“I think the focus really helped,” said Drew Everett, a fourth–generation family member who is chairman of the board. “We felt like we could be really good at one thing and be a leader in the marketplace. And we identified that one thing and really focused our efforts on that.”
The success increased the company’s devotion to the type of governance needed to achieve results strategically and pass along leadership to future generations. The family members who were fiduciary and advisory members of the board of directors communicated with and represented their branches of the family. But another board—known as the family senate or council—also was formed to provide family input to the board of directors. A third family–governance entity was formed as a private trust company to help the family manage estate– and wealth–planning activities, although it is not involved in the company’s business operations.
Clear guidelines have been established for membership on the board of directors and the family senate, and similar rules are being developed for the private trust company. The multiple layers of governance helped the organization set parameters for family members to become involved in the business (see the sidebar, “Keeping the Family Involved”) and formalized the process for family members to divest if they choose. It may be difficult for first–generation business owners to see the purpose in this level of governance because they may believe that the bureaucracy slows the speed to market that can make a business effective. But the trade–off that proper governance can provide is a systematic approach to risks and opportunities that considers multiple viewpoints and establishes a clear direction for the future.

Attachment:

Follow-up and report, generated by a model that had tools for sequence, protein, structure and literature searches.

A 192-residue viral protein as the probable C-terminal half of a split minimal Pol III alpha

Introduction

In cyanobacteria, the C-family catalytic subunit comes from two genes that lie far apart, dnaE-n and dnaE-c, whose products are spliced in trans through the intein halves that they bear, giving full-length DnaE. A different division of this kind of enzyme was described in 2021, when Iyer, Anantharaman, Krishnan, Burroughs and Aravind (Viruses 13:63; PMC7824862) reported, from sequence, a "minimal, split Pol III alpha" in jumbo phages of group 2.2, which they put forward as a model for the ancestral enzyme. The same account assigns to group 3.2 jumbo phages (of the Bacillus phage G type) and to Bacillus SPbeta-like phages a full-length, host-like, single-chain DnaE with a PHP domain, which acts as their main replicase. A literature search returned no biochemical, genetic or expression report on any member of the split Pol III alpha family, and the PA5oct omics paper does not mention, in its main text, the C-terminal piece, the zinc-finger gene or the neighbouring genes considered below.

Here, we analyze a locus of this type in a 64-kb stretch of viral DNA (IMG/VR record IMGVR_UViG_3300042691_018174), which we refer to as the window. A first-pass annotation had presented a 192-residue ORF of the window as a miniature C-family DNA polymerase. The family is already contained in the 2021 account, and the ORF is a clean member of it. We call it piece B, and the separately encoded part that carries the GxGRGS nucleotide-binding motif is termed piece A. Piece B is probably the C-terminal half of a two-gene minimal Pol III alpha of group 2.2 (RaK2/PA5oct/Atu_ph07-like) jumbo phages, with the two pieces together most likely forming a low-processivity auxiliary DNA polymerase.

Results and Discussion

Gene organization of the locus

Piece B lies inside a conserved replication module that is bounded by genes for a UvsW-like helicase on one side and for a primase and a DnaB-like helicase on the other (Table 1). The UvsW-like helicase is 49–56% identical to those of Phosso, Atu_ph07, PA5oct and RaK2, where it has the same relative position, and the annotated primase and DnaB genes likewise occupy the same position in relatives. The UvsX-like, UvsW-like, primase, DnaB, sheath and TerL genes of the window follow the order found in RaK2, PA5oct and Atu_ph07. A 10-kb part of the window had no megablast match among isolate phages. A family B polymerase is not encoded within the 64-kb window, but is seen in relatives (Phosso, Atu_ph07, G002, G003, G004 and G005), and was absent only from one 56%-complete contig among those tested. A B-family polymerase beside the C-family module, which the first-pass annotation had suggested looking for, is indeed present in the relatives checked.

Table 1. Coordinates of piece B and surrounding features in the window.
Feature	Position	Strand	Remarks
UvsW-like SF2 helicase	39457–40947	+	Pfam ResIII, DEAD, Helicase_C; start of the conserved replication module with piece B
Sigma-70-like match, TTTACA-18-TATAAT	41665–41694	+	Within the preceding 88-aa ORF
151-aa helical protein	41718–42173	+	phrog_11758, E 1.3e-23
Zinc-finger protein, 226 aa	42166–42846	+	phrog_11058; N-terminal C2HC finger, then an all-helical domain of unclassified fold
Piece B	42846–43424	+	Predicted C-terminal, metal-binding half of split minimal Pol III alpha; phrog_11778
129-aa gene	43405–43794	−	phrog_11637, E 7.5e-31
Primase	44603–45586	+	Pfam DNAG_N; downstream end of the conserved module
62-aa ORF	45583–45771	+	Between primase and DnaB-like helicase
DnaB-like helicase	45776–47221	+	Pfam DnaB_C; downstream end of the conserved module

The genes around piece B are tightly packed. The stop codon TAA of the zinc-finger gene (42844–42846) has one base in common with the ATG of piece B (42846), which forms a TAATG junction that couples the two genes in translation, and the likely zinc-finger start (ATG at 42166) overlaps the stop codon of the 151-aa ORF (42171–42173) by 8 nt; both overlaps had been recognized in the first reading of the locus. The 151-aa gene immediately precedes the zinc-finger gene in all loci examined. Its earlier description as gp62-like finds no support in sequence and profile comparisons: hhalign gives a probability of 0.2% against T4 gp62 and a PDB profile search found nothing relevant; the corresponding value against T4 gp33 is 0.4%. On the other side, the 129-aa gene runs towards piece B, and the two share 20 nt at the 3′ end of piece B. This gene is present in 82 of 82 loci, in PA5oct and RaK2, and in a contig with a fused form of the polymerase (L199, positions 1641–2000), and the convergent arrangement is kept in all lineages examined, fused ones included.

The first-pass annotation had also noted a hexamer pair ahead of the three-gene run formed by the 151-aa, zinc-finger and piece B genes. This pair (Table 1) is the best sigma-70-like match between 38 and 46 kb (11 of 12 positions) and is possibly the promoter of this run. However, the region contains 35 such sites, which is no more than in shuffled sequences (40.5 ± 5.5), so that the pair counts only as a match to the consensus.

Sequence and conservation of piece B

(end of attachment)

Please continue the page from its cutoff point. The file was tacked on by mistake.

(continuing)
“Families are forced to have those other points of view because they share ownership with other family members,” Flack said. “… There has to be a structure and processes so they can have effective ways to work through the decision–making process.”
With the appropriate decision–making structure in place, a family–owned business can focus on strategic initiatives that are in everyone’s best interests. PwC’s survey report suggests that for effective strategic planning, family–owned companies should:
Everett advises that family–owned businesses consult experts, when necessary, to assist them as they strive to build their plans for strategy and succession. In the 1990s, family members associated with Bush Brothers sought that kind of help as they created the company board of directors and the strategic plan that vaulted them toward national prominence. After that, they tried to build a family council without expert help—and the effort failed. Later, they sought help as they formed both the family senate and the private trust company that are operating today. CPAs can play an important role for family–owned organizations as they attempt to create a successful structure.
“There are a lot of people who can help you,” Everett said.
Bush Brothers also has found that strategic planning and succession planning never truly end. A successful company always is looking for the next talented leaders to emerge, and eyeing opportunities to develop them for high–profile roles. With the company’s governance structure in place, Everett is confident that the right people will be able to implement this and future strategies for years to come.